It says that after Jesus touches the leper.

The Leper was cleansed. So you have the Leper who puts himself or herself at risk? Jesus, who puts himself at risk?

And because both are willing to engage with each other.

A new beginning. A new beginning for the leper.

And a new beginning for Jesus. But think also, maybe you don’t want to be the leper and maybe you don’t want to be Jesus. Right.

So you’re one of the observers. You’re one of the disciples who’s gathered there with him or perhaps the crowd, because we know that one of the things that is always there in Mark’s stories is the crowd.

Well, you could imagine that some of them were horrified. Look what he’s doing. Look, what are you doing? He’s breaking the Law. He’s putting himself at risk. He’s encouraging the leper to break out of his cage. [You] could imagine the reaction.

Certainly, the disciples are probably thinking to themselves, he’s crazy.

And the crowd is horrified. Yet, yet they have to see the result of the encounter. It says that the Leper, even though Jesus told him. Be quiet and go off. Go show yourself to the priest.

Go through the ritual of being acknowledged as cured, the Leper immediately goes around celebrating the fact that he’s been made whole.

He goes around celebrating this new moment in his life.

And they would have to see that. And so for some of them. For some of them. It was a moment of conversion.

Because what he expected didn’t occur.

Well, think of it as Mark telling the story in this first chapter and go back to the beginning of this first chapter. Jesus comes after his baptism and being tempted comes out into the public.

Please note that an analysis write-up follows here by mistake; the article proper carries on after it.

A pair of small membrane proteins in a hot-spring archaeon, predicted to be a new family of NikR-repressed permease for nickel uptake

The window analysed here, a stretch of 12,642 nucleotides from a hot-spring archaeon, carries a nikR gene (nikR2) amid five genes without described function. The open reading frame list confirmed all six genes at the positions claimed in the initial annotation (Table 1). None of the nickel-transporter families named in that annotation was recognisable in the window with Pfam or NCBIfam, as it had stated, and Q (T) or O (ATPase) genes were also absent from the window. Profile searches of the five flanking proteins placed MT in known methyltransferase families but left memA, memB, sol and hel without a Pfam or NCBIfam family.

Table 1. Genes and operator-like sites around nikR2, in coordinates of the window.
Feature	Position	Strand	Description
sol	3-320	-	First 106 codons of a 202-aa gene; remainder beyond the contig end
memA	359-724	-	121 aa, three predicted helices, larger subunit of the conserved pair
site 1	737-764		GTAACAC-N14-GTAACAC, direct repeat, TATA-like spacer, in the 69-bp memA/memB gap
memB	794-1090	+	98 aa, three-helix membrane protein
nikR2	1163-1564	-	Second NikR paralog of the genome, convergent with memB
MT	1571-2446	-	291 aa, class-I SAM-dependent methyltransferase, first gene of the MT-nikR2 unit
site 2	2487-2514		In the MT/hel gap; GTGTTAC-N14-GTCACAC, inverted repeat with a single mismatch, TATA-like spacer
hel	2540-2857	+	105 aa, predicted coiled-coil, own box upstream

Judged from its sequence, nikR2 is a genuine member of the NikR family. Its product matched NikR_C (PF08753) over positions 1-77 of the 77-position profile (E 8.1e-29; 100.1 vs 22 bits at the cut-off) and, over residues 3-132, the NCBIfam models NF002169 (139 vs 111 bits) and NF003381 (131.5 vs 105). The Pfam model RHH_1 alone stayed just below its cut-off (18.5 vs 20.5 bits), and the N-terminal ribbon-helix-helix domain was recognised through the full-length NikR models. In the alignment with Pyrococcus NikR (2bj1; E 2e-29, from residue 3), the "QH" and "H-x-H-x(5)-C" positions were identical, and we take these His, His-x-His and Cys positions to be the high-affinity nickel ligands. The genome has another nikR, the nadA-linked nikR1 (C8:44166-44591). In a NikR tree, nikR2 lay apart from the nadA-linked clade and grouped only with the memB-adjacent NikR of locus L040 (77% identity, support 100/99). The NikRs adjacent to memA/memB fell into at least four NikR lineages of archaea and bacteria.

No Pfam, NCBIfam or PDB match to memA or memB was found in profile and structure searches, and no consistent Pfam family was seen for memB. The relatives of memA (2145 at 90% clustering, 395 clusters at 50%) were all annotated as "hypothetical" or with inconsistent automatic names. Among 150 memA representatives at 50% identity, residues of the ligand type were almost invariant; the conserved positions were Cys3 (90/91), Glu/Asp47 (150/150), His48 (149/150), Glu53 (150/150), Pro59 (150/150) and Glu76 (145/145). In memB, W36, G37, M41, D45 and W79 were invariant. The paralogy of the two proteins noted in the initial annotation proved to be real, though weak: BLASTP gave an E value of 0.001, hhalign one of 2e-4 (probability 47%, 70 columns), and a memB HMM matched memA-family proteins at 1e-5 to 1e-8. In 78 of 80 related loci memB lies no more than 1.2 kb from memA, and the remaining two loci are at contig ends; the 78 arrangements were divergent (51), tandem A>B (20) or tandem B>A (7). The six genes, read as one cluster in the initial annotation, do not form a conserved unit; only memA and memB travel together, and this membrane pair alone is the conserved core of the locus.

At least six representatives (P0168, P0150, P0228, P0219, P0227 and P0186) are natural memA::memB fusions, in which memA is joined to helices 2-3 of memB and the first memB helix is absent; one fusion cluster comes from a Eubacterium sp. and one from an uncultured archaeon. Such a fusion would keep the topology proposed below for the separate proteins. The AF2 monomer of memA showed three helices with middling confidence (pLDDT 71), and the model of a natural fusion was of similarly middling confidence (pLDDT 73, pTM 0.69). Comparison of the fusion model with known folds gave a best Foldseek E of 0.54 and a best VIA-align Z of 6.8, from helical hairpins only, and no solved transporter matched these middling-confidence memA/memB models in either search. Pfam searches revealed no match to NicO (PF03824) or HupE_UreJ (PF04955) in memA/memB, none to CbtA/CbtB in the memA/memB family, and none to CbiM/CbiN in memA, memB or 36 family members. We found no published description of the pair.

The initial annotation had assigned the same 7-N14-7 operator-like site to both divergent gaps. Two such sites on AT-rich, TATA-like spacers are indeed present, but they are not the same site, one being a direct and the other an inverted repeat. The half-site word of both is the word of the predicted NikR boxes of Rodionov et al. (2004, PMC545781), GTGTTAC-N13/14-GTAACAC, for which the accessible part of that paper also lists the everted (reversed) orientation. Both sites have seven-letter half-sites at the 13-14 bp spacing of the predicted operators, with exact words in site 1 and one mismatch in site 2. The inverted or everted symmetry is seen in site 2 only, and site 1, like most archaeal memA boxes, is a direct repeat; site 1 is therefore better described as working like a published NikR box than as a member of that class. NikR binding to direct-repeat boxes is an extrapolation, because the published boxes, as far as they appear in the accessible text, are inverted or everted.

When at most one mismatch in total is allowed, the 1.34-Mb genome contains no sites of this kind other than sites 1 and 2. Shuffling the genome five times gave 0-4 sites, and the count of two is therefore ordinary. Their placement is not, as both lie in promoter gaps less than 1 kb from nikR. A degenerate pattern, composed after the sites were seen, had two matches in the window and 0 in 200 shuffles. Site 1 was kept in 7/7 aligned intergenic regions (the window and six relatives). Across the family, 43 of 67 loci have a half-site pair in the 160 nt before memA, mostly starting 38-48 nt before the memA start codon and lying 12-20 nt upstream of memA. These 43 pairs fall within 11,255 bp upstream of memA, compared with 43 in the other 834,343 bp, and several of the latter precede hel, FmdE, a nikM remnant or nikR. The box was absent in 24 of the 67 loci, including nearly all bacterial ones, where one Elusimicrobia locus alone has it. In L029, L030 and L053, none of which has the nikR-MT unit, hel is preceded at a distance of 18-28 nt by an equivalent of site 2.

And what are his first words? The Kingdom of God is at hand.

Repent and believe. The kingdom of God is at hand.

How will you know that the kingdom of God is at hand?

You will see. The action of God in overcoming the evil.

The limitations, the ostracization and all of those things that had become so much a part of the life experience of the people.

You will see them being broken, being shed.

And a new moment. Opening up a leper is healed.

A broken person is made whole. People can take risks, the risk. The risk is the love, God loves.

It’s a powerful story. And it’s a challenging story because in a sense, well, thank God leprosy certainly has been controlled and in many, many cases eliminated. Although there are still leper communities in our world.

But the power of the story is tremendous. Because it basically says to us:

If you allow yourself to be touched by Jesus you will be made whole. And if you are made whole. You will have the freedom. Of living in the kingdom. And if you have the freedom of living in the kingdom. You will be at one in the heart of God. For you will be free to love as God loves you.

And that would open not only doors to you, but it will open doors to those you touch.

Let us pray that God give us the faith, the courage, the will, the grace, to follow the example of Jesus.